Sunscreen Linked to Vitamin D Deficiencies

Sunscreen Linked to Vitamin D Deficiencies

Here’s how it works for most of us: we decide that we need a vacation. Somewhere sunny, somewhere hot. We find a good vacation deal with Expedia, book it, and then load up on sunscreen. You don’t want to get sunburned while you’re on vacation, right? Well…the situation is actually more complicated than that.

Every time when we go out, we make it a point to bring with us our sunscreen to prevent our skin from coming into direct contact with the sunlight. We have been taught since we were little kids that direct sunlight may cause skin cancer and other terrible skin ailments. Our dalliance with the sunscreen is therefore understandable because nobody wants to get cancer. Nobody even wants to have any sort of disease that may leave ugly spots on their skin, leave alone having many health effects. Better safe than sorry, right?

What is Vitamin D?

Vitamin D is often considered more of a hormone than a vitamin because it serves many functions in the body and its deficiency has many effects. It is responsible for bone growth and bone remodeling. Its deficiency makes the bones thin, weak and sometimes misshapen. This could cause rickets in children and osteomalaciain adults. It has other functions in the body as well, such as enhancing cell growth, body immunity and reducing inflammation. It is therefore a very important vitamin in the body.  Here is why we need vitamin D.

Vitamin D Deficiency

Research has shown that increased sunscreen use has led to reduced production of Vitamin D in many people’s bodies. The reason for this is that many sunscreens have components such as SPF 15 and oxybenzone that hinder the production of vitamin D by great levels.The research, which was published in the Journal of the American Osteopathic Association, found that approximately one billion people around the world suffer from Vitamin D deficiency. This accounts for 14% of the entire world population, indicating a cause for concern. Researchers found that there are two main causes of Vitamin D deficiency; chronic disease such as type 2 diabetes and inadequate exposure to the sun.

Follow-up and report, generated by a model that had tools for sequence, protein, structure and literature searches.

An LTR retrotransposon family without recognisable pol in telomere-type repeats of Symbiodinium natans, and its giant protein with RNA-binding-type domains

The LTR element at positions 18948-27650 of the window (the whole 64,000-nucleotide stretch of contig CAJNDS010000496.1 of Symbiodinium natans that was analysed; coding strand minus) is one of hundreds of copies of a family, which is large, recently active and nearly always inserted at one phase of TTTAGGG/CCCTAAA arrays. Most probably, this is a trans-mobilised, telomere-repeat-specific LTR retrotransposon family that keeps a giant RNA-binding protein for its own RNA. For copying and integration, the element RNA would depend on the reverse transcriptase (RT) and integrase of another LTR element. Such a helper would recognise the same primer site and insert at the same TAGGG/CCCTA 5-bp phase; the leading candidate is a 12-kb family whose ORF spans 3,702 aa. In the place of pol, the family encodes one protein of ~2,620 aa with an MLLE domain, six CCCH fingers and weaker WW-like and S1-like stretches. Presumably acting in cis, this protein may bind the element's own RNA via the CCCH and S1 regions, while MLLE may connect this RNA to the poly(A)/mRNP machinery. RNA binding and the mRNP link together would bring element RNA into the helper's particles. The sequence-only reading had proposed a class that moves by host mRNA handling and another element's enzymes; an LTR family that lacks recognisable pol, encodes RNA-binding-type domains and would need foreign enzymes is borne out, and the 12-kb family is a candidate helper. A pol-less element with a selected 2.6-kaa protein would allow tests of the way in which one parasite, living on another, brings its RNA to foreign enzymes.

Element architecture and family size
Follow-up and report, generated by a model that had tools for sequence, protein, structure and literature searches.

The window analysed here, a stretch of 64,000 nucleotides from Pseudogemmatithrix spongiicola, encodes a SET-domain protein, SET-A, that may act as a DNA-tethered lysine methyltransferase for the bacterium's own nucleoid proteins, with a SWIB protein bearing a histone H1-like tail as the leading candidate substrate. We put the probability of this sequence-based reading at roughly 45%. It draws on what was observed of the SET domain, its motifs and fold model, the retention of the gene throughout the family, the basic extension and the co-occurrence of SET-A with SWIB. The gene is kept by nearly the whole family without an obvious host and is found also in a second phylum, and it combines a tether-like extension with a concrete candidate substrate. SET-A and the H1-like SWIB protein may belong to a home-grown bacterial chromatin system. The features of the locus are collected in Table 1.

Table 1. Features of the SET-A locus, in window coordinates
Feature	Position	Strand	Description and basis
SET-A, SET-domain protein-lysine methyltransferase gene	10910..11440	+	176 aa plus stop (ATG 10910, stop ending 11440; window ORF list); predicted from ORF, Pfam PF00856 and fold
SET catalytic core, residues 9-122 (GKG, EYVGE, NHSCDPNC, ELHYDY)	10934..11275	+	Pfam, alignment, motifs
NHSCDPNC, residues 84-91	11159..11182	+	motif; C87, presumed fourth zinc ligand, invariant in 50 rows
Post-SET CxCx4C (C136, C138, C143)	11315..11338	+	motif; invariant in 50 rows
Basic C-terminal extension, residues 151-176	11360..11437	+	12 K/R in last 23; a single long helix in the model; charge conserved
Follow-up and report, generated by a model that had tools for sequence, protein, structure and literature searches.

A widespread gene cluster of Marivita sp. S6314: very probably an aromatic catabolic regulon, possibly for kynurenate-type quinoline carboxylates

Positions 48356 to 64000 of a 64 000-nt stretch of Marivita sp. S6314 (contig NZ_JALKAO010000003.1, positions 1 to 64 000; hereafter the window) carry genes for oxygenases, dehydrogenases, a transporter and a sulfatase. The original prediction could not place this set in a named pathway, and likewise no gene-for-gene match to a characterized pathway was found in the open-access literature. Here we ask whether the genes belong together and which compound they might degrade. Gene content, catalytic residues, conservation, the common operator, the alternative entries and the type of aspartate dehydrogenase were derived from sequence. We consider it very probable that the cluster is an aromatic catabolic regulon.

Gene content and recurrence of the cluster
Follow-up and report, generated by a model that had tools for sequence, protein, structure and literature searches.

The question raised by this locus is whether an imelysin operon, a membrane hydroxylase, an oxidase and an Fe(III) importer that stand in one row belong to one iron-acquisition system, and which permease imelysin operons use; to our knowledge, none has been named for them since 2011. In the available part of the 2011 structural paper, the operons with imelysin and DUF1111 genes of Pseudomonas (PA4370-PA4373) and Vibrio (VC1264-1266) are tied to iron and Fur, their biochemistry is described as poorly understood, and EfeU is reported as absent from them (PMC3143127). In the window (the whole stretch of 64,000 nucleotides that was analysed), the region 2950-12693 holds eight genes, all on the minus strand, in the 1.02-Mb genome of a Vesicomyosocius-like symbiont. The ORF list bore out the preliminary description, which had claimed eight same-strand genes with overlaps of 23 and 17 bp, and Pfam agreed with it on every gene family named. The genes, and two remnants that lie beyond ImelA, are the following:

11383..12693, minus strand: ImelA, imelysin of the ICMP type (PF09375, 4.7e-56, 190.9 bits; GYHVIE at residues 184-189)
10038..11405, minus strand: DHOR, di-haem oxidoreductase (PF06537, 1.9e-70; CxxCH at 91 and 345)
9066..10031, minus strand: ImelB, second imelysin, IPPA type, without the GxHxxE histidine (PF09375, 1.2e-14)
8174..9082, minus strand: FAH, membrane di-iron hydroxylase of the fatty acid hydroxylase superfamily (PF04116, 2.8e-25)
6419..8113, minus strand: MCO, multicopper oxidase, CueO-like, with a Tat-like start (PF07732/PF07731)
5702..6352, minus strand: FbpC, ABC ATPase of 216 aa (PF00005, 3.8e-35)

What to Do

But how do we ensure Vitamin D production in our bodies? Do we risk cancer by busking in the sun with our skin unprotected for lengthy periods? Well, no. Not quite. The most present source of vitamin D is direct sunlight. There are vitamin D receptors in arguably every cell in the human body. Therefore, the best way to increase the vitamin’s production in the body is by ensuring that your skin comes into contact with direct sunlight over substantial amounts of time o a regular basis. Doctors advice that we spend between five and thirty minutes out in the midday sun at least two times every week to ensure sufficient production of the vitamin. During these sessions, it is important not to apply sunscreen on your skin due to its Vitamin D production hindrance tendencies.